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Accounting News Roundup: Holiday Edition | 12.24.10

~ Happy Holidays! Here’s some reading to keep you occupied this weekend whether you’re celebrating someone’s birthday, enjoying Chinese food or doing nothing at all.

IRS says tax changes will cause some filing delays [AP]
The Internal Revenue Service says some taxpayers will have to wait until mid- to lat- February to file their returns due to changes in the law approved by Congress in its lame-duck session. The changes apply to tax breaks on college tuition, state and local property taxes and out-of-pocket expenses for teachers. The IRS said Thursday the delays would be minimal for people who itemize deductions, because they normally must wait for financial documents before filing their returns.

Accountants, Texas board still at odds over Enron [Bloomberg]
To many in the accounting world, Carl Bass is a hero. Long before Enron became a worldwide symbol of scandal, Bass told his supervisors at Arthur Andersen LLP that something was amiss with the Houston energy giant. But the Texas state board that licenses accountants sees Bass differently — as unfit to continue in his profession. Nearly a decade after Enron collapsed and took Arthur Andersen with it, the work of Bass and another former Andersen partner, Thomas Bauer, as Enron auditors is still being debated in a highly contentious and costly proceeding.

Can You Break the Law by Complying With It? [DealBook]
The state claims Lehman’s auditors aided in a fraud, using Repo 105 transactions to make the books look healthier than they actually were. Ernst & Young proclaimed it did nothing wrong because its work complied with Generally Accepted Accounting Principles, or GAAP. Both may well be right — although that won’t necessarily preclude a claim against Ernst & Young.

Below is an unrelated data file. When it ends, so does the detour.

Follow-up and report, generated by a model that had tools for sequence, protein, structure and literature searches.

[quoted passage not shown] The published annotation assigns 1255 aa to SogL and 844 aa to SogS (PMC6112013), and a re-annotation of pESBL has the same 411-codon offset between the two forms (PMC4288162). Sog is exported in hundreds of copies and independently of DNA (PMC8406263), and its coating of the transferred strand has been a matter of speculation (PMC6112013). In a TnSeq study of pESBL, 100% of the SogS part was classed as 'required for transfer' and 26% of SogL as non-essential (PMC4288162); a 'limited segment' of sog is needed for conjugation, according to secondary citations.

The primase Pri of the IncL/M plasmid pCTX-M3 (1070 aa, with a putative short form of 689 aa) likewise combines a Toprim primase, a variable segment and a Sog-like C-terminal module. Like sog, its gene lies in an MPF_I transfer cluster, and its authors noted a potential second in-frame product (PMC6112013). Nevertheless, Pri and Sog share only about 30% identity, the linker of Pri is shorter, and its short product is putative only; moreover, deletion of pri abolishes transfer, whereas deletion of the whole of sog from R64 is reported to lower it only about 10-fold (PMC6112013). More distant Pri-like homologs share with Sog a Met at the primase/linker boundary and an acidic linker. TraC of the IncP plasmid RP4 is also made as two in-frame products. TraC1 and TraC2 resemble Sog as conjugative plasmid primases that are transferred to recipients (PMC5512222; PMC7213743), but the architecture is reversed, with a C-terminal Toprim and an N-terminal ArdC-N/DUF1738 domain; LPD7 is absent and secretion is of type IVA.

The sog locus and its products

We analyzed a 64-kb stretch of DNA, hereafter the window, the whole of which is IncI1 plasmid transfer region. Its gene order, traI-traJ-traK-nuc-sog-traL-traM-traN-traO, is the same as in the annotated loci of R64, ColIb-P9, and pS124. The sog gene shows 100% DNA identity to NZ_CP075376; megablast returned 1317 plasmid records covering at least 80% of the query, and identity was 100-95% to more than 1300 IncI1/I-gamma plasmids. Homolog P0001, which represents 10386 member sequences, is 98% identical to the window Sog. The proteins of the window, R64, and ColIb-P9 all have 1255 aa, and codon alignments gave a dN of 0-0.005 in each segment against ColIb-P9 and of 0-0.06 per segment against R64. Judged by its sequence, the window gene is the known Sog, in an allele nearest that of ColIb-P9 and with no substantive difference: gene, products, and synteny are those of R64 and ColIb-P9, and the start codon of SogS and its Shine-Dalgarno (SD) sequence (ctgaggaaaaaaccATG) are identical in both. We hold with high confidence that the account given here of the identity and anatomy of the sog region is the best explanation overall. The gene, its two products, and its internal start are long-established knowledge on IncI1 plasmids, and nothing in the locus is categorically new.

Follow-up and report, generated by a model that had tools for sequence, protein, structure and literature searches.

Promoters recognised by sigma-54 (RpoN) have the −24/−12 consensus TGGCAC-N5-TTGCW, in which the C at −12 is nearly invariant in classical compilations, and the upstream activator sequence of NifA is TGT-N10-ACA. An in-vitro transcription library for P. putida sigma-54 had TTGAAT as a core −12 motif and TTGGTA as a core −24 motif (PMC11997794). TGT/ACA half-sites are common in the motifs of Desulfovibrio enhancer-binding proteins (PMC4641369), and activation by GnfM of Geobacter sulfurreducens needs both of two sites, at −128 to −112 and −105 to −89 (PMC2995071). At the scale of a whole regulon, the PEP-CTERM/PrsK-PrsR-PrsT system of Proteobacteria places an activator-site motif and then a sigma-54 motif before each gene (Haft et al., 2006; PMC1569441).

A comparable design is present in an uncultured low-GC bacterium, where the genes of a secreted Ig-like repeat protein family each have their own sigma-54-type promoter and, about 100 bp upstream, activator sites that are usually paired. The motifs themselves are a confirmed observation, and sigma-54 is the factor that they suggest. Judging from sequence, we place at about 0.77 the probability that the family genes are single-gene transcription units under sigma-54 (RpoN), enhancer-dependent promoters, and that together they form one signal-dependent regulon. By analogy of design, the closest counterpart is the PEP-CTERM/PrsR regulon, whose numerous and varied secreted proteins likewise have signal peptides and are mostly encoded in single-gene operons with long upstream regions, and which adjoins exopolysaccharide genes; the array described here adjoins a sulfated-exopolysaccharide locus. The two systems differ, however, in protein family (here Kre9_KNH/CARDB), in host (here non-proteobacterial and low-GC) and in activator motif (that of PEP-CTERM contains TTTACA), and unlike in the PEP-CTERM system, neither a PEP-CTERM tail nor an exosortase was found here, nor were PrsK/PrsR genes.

TLP: No Animals Were Harmed … [JDA]
Reindeer like boomies!

The 12 gadgets of Christmas: Top tech toys of 2010 [Business Zone]
There’s still time.

Accountant Accused of Swindling Actress [WSJ]
A New York City man who did accounting work for entertainers was accused of swindling a “Law & Order” actress out of more than $1 million Thursday. The man, 50-year-old Joseph Cilibrasi of Manhattan, pleaded not guilty in Manhattan Supreme Court, where nine charges were levied against him and his company, Cilibrasi & Associates. Mr. Cilibrasi, who faces up to 25 years in prison on the top charge, was held on $100,000 bond or cash.

Blame game: Accountant denies claims in Koss case [TBJGM]
Julie Mulvaney, Sujata Sachdeva’s alleged accomplice at Koss Corp., claims she did nothing wrong and simply followed orders from Sachdeva, who Mulvaney described as a “powerful, insistent, imperious, overbearing superior.”

Deloitte plans to move offices to Midtown [NYP]
Deloitte has decided to consolidate its offices in Midtown, putting the kibosh on a long expected downtown deal for the accounting giant to move from 2 World Financial Center into 400,000 square feet at 4 World Financial Center owned by Brookfield Properties. Instead, Deloitte, which was also going to lease an additional 100,000 square feet at 30 Rockefeller Center in Midtown, may consolidate in that tower and lease even more space — if it can find the elbow room, The Post has learned.

Best of 2010: Accounting [CFO]
In the realm of accounting, no one moved more rapidly this year than the Financial Accounting Standards Board and the International Accounting Standards Board. The two standard-setting bodies set forth an aggressive agenda that called for a dozen or so new rules to be issued by 2011.

Congress Resolves Many Tax Issues During Lame-Duck Session [JofA]
Congress adjourned its year-end lame-duck session on Wednesday after passing legislative fixes for several pending tax issues, including the estate tax, the expiration of the 2001 and 2003 tax cuts, an alternative minimum tax (AMT) patch, and extensions of many expired provisions. However, it failed to repeal the expanded Form 1099 reporting requirements that were enacted as part of this spring’s health care reform legislation. The tax changes made during the lame-duck session were enacted as part of the Tax Relief, Unemployment Insurance Reauthorization, and Job Creation Act of 2010 (Tax Relief Act of 2010, PL 111-312), which Congress passed on Dec. 16, and President Barack Obama signed into law the next day.